If you prefer to use popularity as an arbiter, Google Ngram Viewer only seems to cover Paul Erdos and Paul Erdös. The former is four to five times more common but declining, while the latter is gaining popularity.

$\endgroup$
  • $\begingroup$ Also don't forget that most fonts still lack ő and ű which can still be a problem when writing the name. $\endgroup$ – SztupY Oct 7 '13 at 8:45
  • $\begingroup$ @SztupY: Yes I intended to cover that where I said '... older digital technology did not support any "accented" letters'. The situation is pretty good now for these characters but deficient fonts will probably lurk around for some time to come. $\endgroup$ – hippietrail Oct 7 '13 at 9:41
11
$\begingroup$

As for the pronunciation, just remember this (not by me, but I do not know who the author is):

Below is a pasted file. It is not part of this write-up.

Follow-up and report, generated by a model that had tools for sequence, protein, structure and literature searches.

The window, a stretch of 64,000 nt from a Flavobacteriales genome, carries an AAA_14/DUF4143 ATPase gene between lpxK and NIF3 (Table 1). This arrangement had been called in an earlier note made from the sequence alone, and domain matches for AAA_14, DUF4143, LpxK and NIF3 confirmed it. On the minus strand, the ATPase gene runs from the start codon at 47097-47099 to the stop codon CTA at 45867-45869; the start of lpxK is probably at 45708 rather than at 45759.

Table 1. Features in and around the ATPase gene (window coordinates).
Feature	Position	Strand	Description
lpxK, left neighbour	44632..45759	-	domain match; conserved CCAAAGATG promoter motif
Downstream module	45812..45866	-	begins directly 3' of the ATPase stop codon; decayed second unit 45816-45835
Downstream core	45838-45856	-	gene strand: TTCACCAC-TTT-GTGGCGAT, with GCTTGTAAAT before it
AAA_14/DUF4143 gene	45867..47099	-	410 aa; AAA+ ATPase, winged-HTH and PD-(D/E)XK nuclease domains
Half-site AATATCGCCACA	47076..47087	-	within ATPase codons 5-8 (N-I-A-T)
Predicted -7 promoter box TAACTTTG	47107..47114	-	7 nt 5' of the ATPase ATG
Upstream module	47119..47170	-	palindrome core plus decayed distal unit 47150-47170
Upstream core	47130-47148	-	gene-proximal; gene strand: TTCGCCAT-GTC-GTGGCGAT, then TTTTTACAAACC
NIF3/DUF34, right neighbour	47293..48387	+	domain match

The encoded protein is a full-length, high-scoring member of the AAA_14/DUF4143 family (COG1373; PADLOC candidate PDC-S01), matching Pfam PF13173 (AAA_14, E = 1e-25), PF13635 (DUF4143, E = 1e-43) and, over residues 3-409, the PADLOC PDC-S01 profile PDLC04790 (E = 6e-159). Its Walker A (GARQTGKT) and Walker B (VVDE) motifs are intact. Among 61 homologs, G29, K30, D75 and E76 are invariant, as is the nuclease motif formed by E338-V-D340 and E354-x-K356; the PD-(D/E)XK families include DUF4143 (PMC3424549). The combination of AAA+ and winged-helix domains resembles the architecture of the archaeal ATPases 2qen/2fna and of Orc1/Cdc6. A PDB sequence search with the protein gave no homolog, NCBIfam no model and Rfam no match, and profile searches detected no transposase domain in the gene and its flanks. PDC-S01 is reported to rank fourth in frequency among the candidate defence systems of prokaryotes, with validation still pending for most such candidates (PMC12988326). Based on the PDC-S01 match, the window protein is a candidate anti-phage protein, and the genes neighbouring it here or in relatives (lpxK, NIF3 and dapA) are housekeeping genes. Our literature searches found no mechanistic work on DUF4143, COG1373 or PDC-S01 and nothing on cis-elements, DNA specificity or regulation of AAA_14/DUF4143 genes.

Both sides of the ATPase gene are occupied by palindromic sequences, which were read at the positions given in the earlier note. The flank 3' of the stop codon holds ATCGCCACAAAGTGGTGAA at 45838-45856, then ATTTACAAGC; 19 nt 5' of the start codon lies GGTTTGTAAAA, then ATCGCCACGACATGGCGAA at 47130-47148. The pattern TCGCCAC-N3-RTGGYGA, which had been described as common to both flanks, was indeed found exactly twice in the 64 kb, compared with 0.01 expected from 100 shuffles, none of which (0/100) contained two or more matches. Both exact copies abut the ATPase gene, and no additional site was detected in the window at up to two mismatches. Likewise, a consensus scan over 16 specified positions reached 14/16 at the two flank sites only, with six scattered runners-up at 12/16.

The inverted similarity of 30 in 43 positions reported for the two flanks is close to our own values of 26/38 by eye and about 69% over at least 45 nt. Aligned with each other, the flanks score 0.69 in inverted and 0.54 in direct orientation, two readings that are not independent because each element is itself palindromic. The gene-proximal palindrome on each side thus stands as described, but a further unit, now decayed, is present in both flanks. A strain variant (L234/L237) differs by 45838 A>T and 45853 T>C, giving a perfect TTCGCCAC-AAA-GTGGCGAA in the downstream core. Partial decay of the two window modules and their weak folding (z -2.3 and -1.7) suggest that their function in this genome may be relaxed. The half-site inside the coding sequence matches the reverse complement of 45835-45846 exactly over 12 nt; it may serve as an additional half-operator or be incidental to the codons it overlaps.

$\begin{align} &\text{A theorem both deep and profound}\\ &\text{states that "Every circle is round!"}\\ &\quad\text{But in a paper by Erdős,}\\ &\quad\text{written in Kurdish,}\\ &\text{a counter-example is found.}\\ \end{align} $

$\endgroup$
  • 2
    $\begingroup$ That limerick is attributed to Leo Moser. The original actually scanned. The following (from memory) is a better approximation: There's a problem both deep and profound/As to whether all circles are round;/In a paper by Erdős,/Written in Kurdish,/A counterexample is found. $\endgroup$ – bof Oct 7 '13 at 2:57
  • 5